Hannick twisted her mouth to a polite smile. “Go on.”

“I lead the team.”


“Including the heroes,” Theo added, his gaze guarded but resolved. “They follow my command and no other.”

The seer inhaled a deep breath, released it. “That can be arranged.”

“Caster Douglas,” Toreth said. Just that. Only that. His call was even, his voice modulated and smooth. His grip on Becket even loosened.

Theo nodded, as if he’d anticipated Toreth’s interference. “I know,” he said to Toreth, giving Becket scant attention before refocusing on Hannick. “I have conditions for scrying Becket’s sentinel as well.”

Her mouth pursed. “Elder kinsman traditionally do,” she said, though the tightening of her jaw proved her far less eager to barter matters pertaining to Becket than those involving whatever adventure his uncle had set his heart on.

Smile cagy, Theo leaned back and regarded the seer over his cup with frank calculation. “I swore promises to his sire before he and the boy’s mother crossed over, when Becket was just a child. Blood oaths.”

Challenge lit Hannick’s lavender gaze. “No seer would risk the ill luck of defying such a vow.”

Theo grinned his triumph. “As Becket chose his minder, he must also select his sentinel.”
Her lips pressed into a thin, disapproving line. “Of course, he’ll choose of his own volition. We aren’t lowland outlaws or Rithuan savages,” she said, voice tight. “No bibelot—or any citizen of Nitcha—opposing his or her handfasting has ever been forced.” She shuddered, but Becket interpreted it as a signal of her outrage at her questioned professional integrity rather than abhorrence of what she protested. “Scrying for the strongest possibilities of a successful match is a very specialized skill, an art…” She squawked, hands rising in ire.

“Becket chose his minder outside his home and hearth in the lowlands, independent of his kinhold,” Theo said. “He must be permitted to choose his sentinel free of such obligations as well.”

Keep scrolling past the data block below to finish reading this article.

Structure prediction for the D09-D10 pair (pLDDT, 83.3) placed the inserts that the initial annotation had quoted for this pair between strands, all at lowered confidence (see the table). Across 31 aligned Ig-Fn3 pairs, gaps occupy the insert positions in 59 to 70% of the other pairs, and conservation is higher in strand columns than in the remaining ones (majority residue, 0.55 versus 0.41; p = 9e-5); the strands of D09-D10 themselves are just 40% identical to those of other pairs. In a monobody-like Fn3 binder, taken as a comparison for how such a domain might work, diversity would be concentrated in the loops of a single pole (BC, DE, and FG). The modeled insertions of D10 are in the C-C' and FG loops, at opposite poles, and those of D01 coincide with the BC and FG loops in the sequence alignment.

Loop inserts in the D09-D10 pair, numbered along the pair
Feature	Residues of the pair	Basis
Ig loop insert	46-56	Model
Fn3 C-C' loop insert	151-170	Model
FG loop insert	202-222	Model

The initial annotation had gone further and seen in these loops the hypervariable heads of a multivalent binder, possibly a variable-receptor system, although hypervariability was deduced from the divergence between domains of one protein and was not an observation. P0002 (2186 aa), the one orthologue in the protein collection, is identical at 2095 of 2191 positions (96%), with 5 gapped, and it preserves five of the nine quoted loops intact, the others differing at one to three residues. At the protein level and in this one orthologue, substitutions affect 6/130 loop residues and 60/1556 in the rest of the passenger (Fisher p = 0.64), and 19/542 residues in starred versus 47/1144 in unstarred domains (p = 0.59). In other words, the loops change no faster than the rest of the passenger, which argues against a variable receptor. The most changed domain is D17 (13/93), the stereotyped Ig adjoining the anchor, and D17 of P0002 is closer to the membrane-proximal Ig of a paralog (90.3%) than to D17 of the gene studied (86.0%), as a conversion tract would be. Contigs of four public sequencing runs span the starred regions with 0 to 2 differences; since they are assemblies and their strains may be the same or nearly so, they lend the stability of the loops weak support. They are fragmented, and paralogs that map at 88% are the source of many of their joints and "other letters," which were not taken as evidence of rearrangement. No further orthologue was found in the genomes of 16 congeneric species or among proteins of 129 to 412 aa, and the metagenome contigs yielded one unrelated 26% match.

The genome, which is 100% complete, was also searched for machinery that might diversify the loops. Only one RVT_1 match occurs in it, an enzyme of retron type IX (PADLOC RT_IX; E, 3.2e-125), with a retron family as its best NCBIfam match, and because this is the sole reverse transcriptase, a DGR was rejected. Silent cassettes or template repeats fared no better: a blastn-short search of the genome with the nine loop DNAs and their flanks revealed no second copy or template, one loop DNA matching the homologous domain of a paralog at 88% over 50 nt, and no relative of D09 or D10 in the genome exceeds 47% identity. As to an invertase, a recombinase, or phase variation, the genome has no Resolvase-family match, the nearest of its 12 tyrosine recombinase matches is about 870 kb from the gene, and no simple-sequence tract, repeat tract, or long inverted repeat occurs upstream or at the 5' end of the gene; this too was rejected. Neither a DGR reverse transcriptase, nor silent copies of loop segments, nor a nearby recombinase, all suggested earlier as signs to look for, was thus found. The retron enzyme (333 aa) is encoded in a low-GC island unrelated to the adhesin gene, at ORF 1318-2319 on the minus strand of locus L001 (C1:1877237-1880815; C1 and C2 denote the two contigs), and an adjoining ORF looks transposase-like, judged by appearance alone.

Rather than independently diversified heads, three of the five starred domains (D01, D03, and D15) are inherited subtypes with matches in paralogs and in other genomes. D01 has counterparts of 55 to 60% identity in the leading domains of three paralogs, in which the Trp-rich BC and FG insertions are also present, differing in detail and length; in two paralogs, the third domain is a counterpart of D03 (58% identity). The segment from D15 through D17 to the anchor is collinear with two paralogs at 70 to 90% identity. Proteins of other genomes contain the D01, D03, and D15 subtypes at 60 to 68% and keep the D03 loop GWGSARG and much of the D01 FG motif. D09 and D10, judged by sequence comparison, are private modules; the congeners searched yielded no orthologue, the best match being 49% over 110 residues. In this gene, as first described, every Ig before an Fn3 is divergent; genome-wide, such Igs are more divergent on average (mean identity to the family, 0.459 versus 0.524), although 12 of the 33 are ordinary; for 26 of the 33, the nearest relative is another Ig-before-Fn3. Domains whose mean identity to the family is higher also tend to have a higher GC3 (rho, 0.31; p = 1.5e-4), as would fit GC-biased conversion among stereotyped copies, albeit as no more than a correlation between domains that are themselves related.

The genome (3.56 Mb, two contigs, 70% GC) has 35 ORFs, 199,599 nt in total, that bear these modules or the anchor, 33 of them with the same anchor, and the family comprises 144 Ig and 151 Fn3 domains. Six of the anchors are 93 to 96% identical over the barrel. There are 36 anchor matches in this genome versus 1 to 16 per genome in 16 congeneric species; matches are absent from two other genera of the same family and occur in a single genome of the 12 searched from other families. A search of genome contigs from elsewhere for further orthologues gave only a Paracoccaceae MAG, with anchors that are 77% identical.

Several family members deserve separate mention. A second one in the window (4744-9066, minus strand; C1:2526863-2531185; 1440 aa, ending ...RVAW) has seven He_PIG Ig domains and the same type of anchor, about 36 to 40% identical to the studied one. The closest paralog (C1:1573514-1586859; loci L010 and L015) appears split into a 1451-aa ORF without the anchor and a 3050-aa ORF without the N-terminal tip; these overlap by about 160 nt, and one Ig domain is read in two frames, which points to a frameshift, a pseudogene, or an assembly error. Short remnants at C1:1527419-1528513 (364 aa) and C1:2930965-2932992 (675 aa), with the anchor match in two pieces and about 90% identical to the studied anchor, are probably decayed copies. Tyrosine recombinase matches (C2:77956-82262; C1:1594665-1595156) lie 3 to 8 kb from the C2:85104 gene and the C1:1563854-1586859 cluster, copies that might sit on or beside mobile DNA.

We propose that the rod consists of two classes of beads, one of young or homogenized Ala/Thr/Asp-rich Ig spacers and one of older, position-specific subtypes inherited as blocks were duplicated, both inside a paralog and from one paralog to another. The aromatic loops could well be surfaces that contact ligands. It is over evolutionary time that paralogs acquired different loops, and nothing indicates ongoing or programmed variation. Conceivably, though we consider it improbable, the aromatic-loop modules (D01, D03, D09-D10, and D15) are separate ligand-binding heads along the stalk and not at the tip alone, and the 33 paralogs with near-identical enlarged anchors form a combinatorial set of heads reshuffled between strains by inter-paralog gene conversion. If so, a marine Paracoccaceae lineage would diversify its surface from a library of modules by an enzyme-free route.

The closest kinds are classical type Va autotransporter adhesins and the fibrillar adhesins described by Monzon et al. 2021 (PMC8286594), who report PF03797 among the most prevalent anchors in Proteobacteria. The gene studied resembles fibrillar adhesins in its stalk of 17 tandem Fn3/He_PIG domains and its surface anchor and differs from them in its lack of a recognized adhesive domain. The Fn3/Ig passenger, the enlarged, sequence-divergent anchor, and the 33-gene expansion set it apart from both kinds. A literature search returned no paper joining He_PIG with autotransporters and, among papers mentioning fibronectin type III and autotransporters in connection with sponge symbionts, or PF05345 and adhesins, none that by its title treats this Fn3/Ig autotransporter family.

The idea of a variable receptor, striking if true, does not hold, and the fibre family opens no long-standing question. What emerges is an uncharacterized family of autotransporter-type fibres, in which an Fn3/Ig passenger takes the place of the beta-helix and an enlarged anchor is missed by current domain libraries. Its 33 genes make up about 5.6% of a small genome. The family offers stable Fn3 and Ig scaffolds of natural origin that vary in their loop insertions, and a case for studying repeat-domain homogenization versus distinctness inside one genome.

Hannick chopped a hand through the air. “I’ll open the candidate pool to one or more of our allies, but only if a suitable mate isn’t found for him at Nitcha first.”

Becket’s eyebrows winged up, shock exploding inside him.


“I disagree.” Theo lazily tipped his head. “A sentinel from Melaeum, for example, would be most fortuitous.”

“M-mate?” Becket mumbled faintly, pulse buzzing in his ears.

“Shh,” Toreth said.

The seer angled her head, regarding Theo with new appreciation. Her blonde hair and purple wrapped braids caught the first beams of the fully risen sun through the non-window wall. “Yes,” she said on a long drawl. “They are rather put out about your trade in herbs, aren’t they?”

Theo spread his hands. “Confirming the Melaeum alliance with a handfasting of my kin to those whose business I may have damaged could soothe those ruffled feathers.”

“The elders will be pleased with your cooperation and forethought in this matter.” Hannick shot to her feet, her excitement demonstrated by her sly wink at Theo. “I must at least try to match him at Nitcha. The elders would expect that, but I’m sure I’ll find more fertile ground for him elsewhere.” She marched to Toreth and held out her hand, palm up. “His heart stone.”

Toreth pivoted to Becket.

“Oh hell no,” Becket said, hands raising to press the rose master stone into his sternum under both shirt and tunic.

“Take it. Quickly,” his uncle said. He nodded at the windowless wall to the terrace. “We’re losing the light.”

* * *